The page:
Matthias von Jagow

Matthias von Jagow (1490, Aulosen, Altmark 1544) was a Bishop of Brandenburg and reformer in Brandenburg.

Matthias von Jagow
Matthias von Jagow; of Harro Magnussen; 1900; Dommuseum Brandenburg
ChurchLutheranism
SeeBrandenburg
In office1527-1544
PredecessorDietrich V von Hardenberg
SuccessorJoachim of Münsterberg-Oels
Personal details
Born1490
Aulosen, Altmark
Died1544
Ziesar

Life and work

He was a member of the old noble von Jagow family from the Altmark. He studied theology and law and was for a while, Dean of the nunnery at Spandau. In 1527, Jagow was elected as bishop of Brandenburg, as successor of Hieronymus Schulz and Dietrich V of Hardenberg, two determined opponents of Martin Luther. His election was confirmed by the pope in 1532, subject to the condition that he had to be ordinated first. Jagow, who had only received ordination to subdeacon, did not comply with this condition.

Although convinced of the need for ecclesiastical reform, he contented himself during the lifetime of anti-reform Elector Joachim I with the redress of abuses and the improvement of clergy. As the most influential advisor of his successor, Joachim II, von Jagow convinced Joachim II to convert to Lutheranism and presented the communion under both kinds to him on 1 November 1539, and to the magistrate of Berlin on 2 November. In 1541 led the first church visitation in the Mark Brandenburg, during which the Reformation was carried through. He married in 1541. Around 1535, he had a bishop's cap constructed on top of the Bergfried of his residence Ziesar Castle, as a sign of its being used by the church.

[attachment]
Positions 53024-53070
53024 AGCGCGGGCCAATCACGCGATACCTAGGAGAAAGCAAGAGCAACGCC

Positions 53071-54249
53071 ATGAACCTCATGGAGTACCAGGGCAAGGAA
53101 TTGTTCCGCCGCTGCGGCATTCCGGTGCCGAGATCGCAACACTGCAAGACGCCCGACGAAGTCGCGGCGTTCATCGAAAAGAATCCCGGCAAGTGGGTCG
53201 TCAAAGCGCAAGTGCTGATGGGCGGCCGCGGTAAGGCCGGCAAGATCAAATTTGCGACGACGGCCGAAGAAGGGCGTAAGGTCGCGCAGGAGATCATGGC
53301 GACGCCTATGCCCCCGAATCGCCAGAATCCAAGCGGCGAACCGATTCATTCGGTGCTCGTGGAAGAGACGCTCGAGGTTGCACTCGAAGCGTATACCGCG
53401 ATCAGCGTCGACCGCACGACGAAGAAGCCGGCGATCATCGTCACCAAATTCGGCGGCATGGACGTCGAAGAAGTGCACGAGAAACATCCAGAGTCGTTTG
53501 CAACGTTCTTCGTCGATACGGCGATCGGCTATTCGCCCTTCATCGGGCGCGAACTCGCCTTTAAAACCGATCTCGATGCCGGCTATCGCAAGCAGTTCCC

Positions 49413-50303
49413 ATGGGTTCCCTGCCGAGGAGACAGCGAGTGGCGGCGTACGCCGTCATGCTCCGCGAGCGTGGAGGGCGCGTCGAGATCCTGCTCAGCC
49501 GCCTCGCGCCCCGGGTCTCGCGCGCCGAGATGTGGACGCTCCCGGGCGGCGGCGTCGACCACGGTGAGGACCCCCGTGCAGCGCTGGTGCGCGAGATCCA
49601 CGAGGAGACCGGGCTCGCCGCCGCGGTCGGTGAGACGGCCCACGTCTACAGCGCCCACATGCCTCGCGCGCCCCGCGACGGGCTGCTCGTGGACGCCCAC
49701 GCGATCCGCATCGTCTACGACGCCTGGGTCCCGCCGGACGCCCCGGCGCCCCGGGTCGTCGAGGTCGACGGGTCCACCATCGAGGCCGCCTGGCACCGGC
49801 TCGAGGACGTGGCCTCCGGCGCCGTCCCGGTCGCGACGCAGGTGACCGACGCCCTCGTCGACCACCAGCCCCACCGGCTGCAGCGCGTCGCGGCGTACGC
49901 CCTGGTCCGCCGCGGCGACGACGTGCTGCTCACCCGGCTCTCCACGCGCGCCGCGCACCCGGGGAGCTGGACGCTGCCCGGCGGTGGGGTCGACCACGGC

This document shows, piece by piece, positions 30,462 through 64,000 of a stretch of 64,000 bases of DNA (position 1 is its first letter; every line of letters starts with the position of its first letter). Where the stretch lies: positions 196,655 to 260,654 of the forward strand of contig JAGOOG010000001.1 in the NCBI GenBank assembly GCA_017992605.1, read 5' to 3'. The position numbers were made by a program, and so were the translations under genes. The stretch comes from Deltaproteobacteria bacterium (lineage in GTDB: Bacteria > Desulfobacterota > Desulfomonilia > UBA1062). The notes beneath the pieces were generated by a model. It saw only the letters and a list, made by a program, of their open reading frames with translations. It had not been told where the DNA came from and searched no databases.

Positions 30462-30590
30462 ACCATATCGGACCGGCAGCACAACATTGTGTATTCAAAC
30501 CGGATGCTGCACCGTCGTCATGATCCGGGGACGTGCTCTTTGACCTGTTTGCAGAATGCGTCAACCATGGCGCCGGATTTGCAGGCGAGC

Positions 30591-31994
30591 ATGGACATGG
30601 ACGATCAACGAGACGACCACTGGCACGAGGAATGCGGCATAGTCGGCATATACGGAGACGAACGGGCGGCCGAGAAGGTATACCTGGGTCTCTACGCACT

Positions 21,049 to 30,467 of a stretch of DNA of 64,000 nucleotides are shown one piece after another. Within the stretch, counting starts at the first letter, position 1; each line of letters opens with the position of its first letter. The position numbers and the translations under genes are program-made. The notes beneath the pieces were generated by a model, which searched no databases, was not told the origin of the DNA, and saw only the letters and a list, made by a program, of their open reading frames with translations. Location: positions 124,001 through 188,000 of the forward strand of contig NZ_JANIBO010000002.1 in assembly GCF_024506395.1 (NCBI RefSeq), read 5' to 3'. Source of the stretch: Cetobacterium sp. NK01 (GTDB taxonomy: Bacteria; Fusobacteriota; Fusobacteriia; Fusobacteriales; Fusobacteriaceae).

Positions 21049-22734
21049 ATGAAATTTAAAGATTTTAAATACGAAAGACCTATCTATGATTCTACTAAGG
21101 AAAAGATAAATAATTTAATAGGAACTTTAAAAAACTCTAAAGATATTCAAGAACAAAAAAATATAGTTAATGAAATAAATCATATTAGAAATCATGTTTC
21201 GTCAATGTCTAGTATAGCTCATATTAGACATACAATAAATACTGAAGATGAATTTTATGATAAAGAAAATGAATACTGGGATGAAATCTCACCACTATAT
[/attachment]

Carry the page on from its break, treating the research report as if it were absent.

He died in 1544 in Ziesar.

Memorial bust in the Siegesallee

Sculptor Harro Magnussen designed a bust of von Jagow as a secondary character in the memorial of Joachim II in memorial group 20 on the Siegesallee in Berlin, whose central theme was a depiction of the Reformation. Magnussen presented the bishop as a bearded, elderly man with a decorative raised collar. Since no portrait was available, Magnussen asked Emperor William II to model instead of von Jagow, arguing:

I dare to make this suggestion because in Johann Sebastian Bach as a minor character in Frederick the Great so far is create a similar example, when Bach was not a Brandenburg.

The emperor denied the request.[1]

Footnotes

  1. Request quoted from a letter by von Jagow, reproduced in Lehnert 1998, p. 173

References and sources

  • Uta Lehnert: Der Kaiser und die Siegesallee. Réclame Royale, Dietrich Reimer Verlag, Berlin, 1998, ISBN 3-496-01189-0.
  • Rudolf Schwarze (1884), "Jagow, Matthias von", Allgemeine Deutsche Biographie (ADB) (in German), 20, Leipzig: Duncker & Humblot, pp. 654–657
  • Johannes Schultze (1974), "Jagow, Matthias von", Neue Deutsche Biographie (NDB) (in German), 10, Berlin: Duncker & Humblot, pp. 300–301
Preceded by
Dietrich V von Hardenberg
Bishop of Brandenburg
1526-1544
Succeeded by
Joachim of Münsterberg-Oels

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